I think these thoughts more or less come through without sugar coating on this album. The trick is to tart them up with some beautiful instrumentation, which I have to give due credit to the other players on this record for providing––Mat Gardner, Russell Webster, Isaac Yeo, Michael Slater.
MF: How has the new approach to songwriting and recording translated into your live performances?
REE: Live show has never been better I don’t think. I’m enjoying singing these songs because I still understand them and connect with them lyrically, whereas before I’ve felt that I lost this relationship with my own songs at times, and that made it harder to get behind them live.
But our live show is mainly better these days because we’ve added a saxophone player — Michael Slater — to the lineup. Guy’s a genius, and he elevates the entire mood of the band and the room tenfold. Sax unites us. We can’t wait to do more shows.
MF: You wrote that before this album, you considered never making music again because of “bitter[ness] about how the Australian music industry worked.” Can you describe how, in your view, it does work?
REE: I realised pretty quickly that it was impossible for me to not make music. I love it too much and it just doesn’t seem like a viable choice. I guess I let a lot of external factors about how Ernest Ellis was being received get to me. I’d be thinking, this is fucked, our record’s heaps better than what’s getting heaps of press etc etc.
It all got me down. But in retrospect I think it was really dumb to let it do so. I can’t and never will be able to control whether Ernest Ellis’ music is supported really, so why bother getting the shits about it?
What has happened over the last few years is that I’ve let go of any bitterness and just re-focussed on my music cause that’s something I can control, and it’s something I find challenging and rewarding.
The industry here is a really small one, but I think it’s full of people earnestly doing their best. What I have to say about what a radio station should be playing or whatever doesn’t matter at all, it’d just a be a subjective response from some guy who’s not involved with the industry and its politics in any meaningful way.
I just like making records, that’s the only level I’m interested in being involved at these days, and if people want to play them or love them that’s great, if they don’t that’s fine too.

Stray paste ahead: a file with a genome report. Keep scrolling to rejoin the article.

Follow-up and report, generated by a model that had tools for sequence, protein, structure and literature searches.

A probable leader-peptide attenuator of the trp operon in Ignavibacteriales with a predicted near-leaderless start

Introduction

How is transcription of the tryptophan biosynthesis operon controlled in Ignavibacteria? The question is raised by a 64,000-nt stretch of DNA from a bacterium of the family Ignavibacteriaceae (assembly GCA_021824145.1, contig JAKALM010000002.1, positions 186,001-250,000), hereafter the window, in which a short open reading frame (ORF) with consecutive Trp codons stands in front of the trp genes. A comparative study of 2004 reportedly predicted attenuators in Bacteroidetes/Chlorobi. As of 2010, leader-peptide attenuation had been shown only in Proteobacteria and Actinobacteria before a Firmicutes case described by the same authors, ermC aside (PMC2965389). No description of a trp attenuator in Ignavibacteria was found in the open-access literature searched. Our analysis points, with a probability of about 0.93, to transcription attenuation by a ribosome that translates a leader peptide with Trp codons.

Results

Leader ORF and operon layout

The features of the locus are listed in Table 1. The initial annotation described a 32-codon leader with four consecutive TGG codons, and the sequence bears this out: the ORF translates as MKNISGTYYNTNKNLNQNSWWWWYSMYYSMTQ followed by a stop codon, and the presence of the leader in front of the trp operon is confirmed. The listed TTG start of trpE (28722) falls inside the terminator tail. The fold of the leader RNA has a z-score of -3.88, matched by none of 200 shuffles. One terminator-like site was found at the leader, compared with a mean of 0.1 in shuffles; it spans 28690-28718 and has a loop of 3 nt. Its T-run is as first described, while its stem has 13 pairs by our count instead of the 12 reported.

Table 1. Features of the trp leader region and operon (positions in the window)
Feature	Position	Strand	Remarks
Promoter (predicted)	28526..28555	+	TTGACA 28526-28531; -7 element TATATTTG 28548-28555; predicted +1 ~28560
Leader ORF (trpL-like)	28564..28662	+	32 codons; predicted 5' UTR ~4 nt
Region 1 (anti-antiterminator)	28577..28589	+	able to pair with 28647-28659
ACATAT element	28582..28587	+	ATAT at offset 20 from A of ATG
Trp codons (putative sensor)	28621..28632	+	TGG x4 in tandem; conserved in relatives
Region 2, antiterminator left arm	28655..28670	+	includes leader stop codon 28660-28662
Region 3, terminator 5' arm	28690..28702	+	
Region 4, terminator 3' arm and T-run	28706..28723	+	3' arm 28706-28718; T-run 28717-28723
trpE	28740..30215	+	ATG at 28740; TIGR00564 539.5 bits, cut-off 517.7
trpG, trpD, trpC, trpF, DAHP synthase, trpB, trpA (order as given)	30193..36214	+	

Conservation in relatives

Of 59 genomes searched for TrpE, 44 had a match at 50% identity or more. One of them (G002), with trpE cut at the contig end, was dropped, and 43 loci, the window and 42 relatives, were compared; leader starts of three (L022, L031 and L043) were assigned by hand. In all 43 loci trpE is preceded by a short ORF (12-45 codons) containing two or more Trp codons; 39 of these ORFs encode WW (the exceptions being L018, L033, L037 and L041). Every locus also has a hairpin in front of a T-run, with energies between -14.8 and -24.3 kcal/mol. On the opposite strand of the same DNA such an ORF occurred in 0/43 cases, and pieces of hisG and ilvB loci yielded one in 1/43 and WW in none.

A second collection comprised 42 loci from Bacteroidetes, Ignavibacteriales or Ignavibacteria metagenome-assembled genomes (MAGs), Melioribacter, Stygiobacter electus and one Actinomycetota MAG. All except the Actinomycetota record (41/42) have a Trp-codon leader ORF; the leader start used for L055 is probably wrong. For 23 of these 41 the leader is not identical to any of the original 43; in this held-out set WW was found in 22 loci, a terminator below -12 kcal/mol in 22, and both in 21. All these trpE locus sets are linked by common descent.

Watch: Ernest Ellis – Want For Anything
MF: What would you have done had you indeed left music? You’ve mentioned getting a PhD in New York, what would you have studied?
REE: Well as I said, I quickly figured out that leaving music wasn’t an option. But I’ll still be starting my PhD next year, probably a joint arrangement between Macquarie Uni here and one overseas (hopefully in NYC). Late 20th century American lit will be the focus.
MF: Cold Desire is a very textural record, with various twists and turns. What is it you’re hoping listeners get out of the experience of listening to it?
REE: I hope they listen to it as a full piece of work, it was made with this in mind. I don’t want to be too prescriptive in saying you need to get this or that from the album. Sounds simple but I just hope people enjoy it immensely; and that maybe it makes them really inspired or happy or sad.
It’s the peak of emotions in any direction that I’m always going for, you don’t want to be stuck in the lukewarm middle.
MF: What motivated the release of Black Wire as the album’s first single?
REE: Me being impulsive motivated the release of Black Wire. It was before I had a label in place or anything and I just posted it online after we finished recording it because I was super excited about the track. Was probably dumb in terms of milking the most out of it as a single, but hey.
Ernest Ellis’ third album, ‘Cold Desire’, is available now through Spunk Records.